- Make your own dips – see our Lemony Hummus and our feature recipe of the week, Black Bean Dip.
- You can also dilute store bought veggie dips with plain yogurts.
- Roast a whole chicken ahead of time and then cut into pieces and skewer with cherry tomatoes or other veggies.
- Serve veggies with dips or Mary’s Gone Crackers brand healthy crackers.
- Make your own tortilla chips using Sprouted Grain Tortillas and baking them in the oven. (Find these in most large grocery stores in the freezer section)
- Season cooked garbanzo beans with chili powder, a little sea salt, and other spices and then roast in the oven until crunchy.
- Dry roast unsalted almonds, cashews, hazelnuts, walnuts, and pumpkin seeds and serve. You can also make your own nut and fruit mix by adding dried fruit like unsweetened cranberries, apricots or figs.
- Limit the amount of junk food munchies.
- Pop your own kernel popcorn in a heavy sauce pan.
For Main Dishes:
- Cut up chicken breasts into bite size pieces and marinade with almond butter, Bragg Liquid Amino All Purpose Seasoning (or sodium reduced soy sauce), honey, lemon juice, ginger, and garlic. Skewer or serve as bite-sized pieces after grilling or baking.
- Make your own burgers with a mixture of extra lean beef and ground turkey or black beans, oatmeal, oat bran, eggs, grated zucchini or mushrooms, salt and pepper.
- Make salmon burgers using the Salmon Cakes recipe we provided two weeks ago.
For Side Dishes:
- Serve salads with vinaigrette dressings rather than mayo based ones. Make lettuce-based salads, veggie quinoa salads, green beans, roasted/boiled potatoes salad.
- Roast vegetables or potatoes on the BBQ or broil in the oven.
- Make your own salad dressings using olive oil, dry mustard, cider vinegar, spices, and honey. Several sites provide healthier versions of salad dressings. Search for these on www.wholefoods.com, www.deliciousliving.com.
- Serve fruit with dark chocolate dipping sauce.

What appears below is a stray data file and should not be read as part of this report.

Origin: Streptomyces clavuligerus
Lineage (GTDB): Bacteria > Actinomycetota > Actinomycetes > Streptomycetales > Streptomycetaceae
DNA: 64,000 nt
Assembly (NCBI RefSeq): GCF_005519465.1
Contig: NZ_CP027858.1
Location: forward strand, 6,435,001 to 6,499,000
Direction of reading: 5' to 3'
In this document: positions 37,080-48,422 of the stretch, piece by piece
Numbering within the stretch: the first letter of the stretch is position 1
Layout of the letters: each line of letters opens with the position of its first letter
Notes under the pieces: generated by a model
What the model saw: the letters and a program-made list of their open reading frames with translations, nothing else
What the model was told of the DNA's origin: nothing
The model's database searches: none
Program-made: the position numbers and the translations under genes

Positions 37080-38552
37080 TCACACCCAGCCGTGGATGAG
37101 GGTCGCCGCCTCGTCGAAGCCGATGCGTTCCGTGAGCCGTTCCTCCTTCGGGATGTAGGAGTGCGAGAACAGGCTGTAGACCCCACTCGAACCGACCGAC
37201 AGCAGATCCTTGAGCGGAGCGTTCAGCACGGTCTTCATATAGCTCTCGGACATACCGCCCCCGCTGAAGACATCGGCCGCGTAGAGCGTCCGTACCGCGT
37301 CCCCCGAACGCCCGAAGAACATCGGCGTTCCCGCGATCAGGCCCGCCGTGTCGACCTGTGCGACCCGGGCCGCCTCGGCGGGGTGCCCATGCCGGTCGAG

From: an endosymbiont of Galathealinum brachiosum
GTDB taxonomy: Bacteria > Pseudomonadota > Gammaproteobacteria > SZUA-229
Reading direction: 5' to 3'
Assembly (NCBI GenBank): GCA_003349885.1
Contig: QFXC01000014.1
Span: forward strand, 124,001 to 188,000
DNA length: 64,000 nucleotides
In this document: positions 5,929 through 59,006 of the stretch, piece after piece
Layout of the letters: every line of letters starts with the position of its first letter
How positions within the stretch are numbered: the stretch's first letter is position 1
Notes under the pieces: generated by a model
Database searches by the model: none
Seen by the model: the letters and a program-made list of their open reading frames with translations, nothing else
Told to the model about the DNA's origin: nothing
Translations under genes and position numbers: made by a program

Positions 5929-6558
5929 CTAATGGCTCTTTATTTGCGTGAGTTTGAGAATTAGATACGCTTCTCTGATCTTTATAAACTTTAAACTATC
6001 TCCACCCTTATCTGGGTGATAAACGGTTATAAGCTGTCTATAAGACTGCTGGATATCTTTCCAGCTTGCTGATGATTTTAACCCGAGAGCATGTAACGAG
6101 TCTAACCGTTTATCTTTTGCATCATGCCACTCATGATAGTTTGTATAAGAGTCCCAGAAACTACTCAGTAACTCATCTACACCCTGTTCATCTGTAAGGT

- Try the Date Nut Balls recipe we shared with you in our first post.
- Make your own strawberry-pineapple popsicles using real fruit and freeze (see www.deliciousliving.com for recipes.
- Cut bananas into 2 or 3 pieces, place short skewers in center; freeze banana pieces; dip frozen pieces into melted dark chocolate and roll in chopped roasted almonds; place in freezer again until ready to serve; let stand for 5 minutes before serving.
- Make homemade drinks with 100% cranberry juice, ice tea from herbal fruity teas, lemonade all sweetened with stevia.
- Limit alcohol drinks.
Ask for Healthier Contributions
Friends and family like to contribute when invited to gatherings. Don’t be shy about asking for healthy versions of foods. Consider asking for cut up veggies, fresh fruit, lettuce-based salads (tell them you have dressings), or raw almonds and cashews. Alternatively, you can ask them to bring one beverage item that goes into a drink mix; for example, carbonated spring water, lemons, 100% cranberry juice, fresh brewed fruit teas, and so on.
If Aunt Sally insists on bringing her famous potato salad laden with mayonnaise then say thank you and be sure to taste it. A little indulgence with an otherwise healthy menu will be fine!